The Biggest Loser: Don’t Blame the Messenger

The Biggest Loser winner showed how The Biggest Loser contest misaligned with The Biggest Loser brand and delivered a lesson in the dangers of letting branding "sleeping dogs" lie.

Feb 15, 2014 at 9:42AM

When Rachel Frederickson took the stage for The Biggest Loser finale, she unveiled a rail-thin, 105-pound frame that took my breath away. Her weight loss, product of months of work, won her the program's quarter-million dollar prize. The trainers clapped and smiled, but barely covered their surprise – or was that shock – at seeing how far the contestant had carried her efforts. Indeed, a photo that seemed to capture distress on the faces of trainers Bob Harper and Jillian Michaels went viral by morning. All in all, viewers of Comcast (NASDAQ:CMCSA) subsidiary NBC were left feeling a little confused.

The media was abuzz, describing Rachel's result with headlines that included, "Too Thin," "Stunning," and "Uncomfortable." The press claimed Rachel was too slender "even by Hollywood standards" and questioned whether the show had gone "too far." And yet, despite my sincere hope that Rachel was healthy despite the hullaballoo, I couldn't help but think – wait – she was, after all, "in it to win it." We asked her to lose as many pounds as she could, and this is exactly what this determined competitor did.

The Biggest Loser brand

Over the past 10 years, The Biggest Loser has built a formidable healthy-lifestyle brand. When rolling out the program's Season 15 sponsors, Monica Austin, SVP of business and brand development for program producer Shine America, described The Biggest Loser's mission as an "on-going effort to fight obesity, providing our brand partners with a creative multi-platform experience to authentically communicate their messages."

Season 15's sponsors included Jennie-O by Hormel (NYSE:HRL), Planet Fitness, Brita Water Filters, Ford (NYSE:F), Subway, and General Mills (NYSE:GIS). Said Austin, these "partners have played an integral role in making 'The Biggest Loser' a respected brand that both educates and inspires our viewers to get active and live healthier lives."

Given all this, it's not hard to imagine the collective "uh-oh" that went on behind the scenes when the program's big reveal played as "Too skinny!" rather than "How healthy!"

A branding disconnect

I believe The Biggest Loser has been sitting on an indefensible crack in its branding armor that just showed itself in a big way live on prime time TV. The contest is not about who can come closest to his or her ideal body weight without going under – it's about who can lose the most weight. This potentially dangerous branding disconnect has been there all along; it just took a fierce competitor in the form of Rachel Frederickson to show it to the viewing audience.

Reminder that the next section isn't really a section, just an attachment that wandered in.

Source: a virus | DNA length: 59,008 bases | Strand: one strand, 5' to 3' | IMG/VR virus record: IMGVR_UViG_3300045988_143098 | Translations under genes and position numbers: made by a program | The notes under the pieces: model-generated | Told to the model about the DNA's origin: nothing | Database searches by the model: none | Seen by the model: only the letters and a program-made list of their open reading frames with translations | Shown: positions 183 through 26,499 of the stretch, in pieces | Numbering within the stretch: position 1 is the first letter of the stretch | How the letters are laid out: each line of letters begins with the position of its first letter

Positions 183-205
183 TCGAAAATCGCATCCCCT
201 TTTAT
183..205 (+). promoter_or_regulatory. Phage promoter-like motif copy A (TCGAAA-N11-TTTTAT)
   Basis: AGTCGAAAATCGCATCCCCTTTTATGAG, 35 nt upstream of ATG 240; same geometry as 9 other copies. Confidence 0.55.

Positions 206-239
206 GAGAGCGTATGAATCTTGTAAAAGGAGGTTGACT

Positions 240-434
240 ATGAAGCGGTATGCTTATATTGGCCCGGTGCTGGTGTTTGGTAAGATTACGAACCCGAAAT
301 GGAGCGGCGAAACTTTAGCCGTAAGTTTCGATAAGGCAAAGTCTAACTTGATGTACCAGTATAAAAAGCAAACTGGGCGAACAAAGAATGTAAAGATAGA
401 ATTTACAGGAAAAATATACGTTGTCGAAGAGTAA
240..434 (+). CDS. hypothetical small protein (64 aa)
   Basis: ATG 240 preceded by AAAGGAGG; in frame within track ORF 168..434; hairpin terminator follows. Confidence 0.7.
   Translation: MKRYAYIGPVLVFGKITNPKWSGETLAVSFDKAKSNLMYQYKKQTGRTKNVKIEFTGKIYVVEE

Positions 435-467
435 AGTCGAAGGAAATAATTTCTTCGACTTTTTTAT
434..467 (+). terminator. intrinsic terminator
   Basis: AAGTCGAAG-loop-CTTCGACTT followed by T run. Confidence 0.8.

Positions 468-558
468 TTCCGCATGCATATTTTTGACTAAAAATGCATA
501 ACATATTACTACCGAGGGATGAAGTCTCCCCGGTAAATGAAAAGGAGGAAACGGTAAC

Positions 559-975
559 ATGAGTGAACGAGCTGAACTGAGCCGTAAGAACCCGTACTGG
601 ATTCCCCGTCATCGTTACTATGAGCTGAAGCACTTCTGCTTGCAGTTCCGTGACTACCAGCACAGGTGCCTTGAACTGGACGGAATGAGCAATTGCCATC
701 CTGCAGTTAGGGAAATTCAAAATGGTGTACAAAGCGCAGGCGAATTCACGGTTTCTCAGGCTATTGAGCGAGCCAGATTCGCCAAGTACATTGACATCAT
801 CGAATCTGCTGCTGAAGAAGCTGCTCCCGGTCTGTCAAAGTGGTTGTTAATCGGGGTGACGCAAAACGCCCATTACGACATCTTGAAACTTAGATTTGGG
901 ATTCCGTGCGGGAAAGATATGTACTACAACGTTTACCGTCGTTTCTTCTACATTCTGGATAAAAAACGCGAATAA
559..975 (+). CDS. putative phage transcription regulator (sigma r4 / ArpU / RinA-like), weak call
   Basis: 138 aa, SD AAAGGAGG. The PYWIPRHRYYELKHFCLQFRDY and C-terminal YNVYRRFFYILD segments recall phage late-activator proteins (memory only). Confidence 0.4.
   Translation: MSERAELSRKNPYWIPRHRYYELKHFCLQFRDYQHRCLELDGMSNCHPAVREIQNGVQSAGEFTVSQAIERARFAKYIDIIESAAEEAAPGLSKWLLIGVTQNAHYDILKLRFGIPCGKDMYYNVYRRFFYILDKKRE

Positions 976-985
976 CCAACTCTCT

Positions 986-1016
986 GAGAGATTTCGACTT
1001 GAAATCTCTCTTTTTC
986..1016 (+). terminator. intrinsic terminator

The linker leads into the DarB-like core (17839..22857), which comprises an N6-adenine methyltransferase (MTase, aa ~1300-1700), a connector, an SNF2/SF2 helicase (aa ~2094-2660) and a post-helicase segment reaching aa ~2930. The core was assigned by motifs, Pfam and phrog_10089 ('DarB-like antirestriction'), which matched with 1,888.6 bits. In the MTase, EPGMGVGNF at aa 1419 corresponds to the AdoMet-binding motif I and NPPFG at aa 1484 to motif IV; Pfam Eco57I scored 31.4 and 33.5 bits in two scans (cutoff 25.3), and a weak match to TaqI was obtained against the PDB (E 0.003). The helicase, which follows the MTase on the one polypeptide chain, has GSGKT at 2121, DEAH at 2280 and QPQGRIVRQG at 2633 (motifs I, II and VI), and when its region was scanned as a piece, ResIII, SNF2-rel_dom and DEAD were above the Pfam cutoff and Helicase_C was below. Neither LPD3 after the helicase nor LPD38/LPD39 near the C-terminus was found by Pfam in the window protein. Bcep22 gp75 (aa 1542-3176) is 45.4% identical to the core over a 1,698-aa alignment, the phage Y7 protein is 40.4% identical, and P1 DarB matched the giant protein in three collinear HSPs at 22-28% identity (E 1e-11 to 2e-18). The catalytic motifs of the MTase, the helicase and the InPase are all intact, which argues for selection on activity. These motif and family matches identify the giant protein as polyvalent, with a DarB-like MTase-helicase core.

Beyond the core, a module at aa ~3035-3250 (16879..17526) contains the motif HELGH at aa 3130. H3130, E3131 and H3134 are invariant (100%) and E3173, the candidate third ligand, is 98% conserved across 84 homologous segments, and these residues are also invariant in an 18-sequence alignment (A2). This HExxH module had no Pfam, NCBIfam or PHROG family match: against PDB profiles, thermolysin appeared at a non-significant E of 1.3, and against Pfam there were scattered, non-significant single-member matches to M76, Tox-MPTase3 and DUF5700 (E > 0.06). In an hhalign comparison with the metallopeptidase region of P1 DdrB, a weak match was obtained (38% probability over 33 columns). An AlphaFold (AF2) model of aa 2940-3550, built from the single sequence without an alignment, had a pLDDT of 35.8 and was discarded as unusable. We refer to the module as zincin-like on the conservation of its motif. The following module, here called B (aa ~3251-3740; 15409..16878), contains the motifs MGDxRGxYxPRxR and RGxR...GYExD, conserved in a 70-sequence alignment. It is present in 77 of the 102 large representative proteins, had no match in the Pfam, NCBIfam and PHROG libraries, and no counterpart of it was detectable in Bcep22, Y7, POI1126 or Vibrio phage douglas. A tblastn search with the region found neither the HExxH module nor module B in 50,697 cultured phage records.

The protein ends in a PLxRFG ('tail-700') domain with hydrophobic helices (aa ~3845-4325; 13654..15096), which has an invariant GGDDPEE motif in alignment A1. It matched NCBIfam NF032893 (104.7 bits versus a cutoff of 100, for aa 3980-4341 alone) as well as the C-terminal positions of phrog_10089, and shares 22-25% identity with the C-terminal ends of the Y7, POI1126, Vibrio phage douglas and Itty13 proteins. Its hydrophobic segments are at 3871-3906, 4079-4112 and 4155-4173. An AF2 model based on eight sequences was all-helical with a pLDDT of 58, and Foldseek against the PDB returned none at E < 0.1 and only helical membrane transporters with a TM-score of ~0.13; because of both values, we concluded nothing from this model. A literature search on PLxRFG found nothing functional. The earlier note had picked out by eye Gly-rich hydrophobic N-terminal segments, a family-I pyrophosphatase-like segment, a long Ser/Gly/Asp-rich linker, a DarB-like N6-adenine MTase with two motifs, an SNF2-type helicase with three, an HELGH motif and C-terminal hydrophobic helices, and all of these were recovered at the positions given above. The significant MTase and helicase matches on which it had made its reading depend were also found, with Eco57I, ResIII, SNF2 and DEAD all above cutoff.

Throughout the seasons, contestants have posted one-week losses that could easily be regarded as alarming, and yet, perhaps because they were within the protective cocoon of the ranch by individuals still well above an ideal weight, we cheered their success. Somehow watching contestants work so hard they would vomit, cry, and fall down made for compelling television, perhaps because the show followed them as they moved beyond that struggle to appear fit and healthy. Prior to what has turned out to be the "stress test" of Season 15, The Biggest Loser looked to have perfected its brand recipe.

Loser by the numbers

Rachel would have needed to finish the contest with a BMI of 18.5 in order to have been classified as healthy by the CDC with her 5'4" frame (at least 108 pounds); instead, she finished with a BMI of 18 (105 pounds). Just 3 more pounds, and charges of being below a healthy BMI would not have applied. With a quarter-million dollar prize on the table, it is easy to understand why she would push to get her weight as low as possible for the finale.

This is especially true given that Rachel's two competitors for the prize were men. Runner-up David Brown stood 6'2" and began the competition at 409 pounds. By CDC standards, he could have shrunk all the way to 144 pounds before being declared underweight. This feat would have resulted in a loss of 64.79%, and would have beat Rachel's 59.62% accomplishment by a huge margin. In order to assure her success, it may be that Rachel needed to risk pushing the healthy envelope.

Changes in the works?

As of this writing, rumors are swirling about "tweaks" to The Biggest Loser format for upcoming seasons. Viewers, sponsors, and trainers love the "get healthy" message, we want to see people succeed. But I think Rachel has delivered a reminder to the program producers that getting healthy and losing as much weight as humanly possible as fast as possible are not always one and the same. Some brand messaging repair is no doubt in order for The Biggest Loser.

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Beth Nichols owns shares of Ford. The Motley Fool recommends Ford. The Motley Fool owns shares of Ford. Try any of our Foolish newsletter services free for 30 days. We Fools may not all hold the same opinions, but we all believe that considering a diverse range of insights makes us better investors. The Motley Fool has a disclosure policy.

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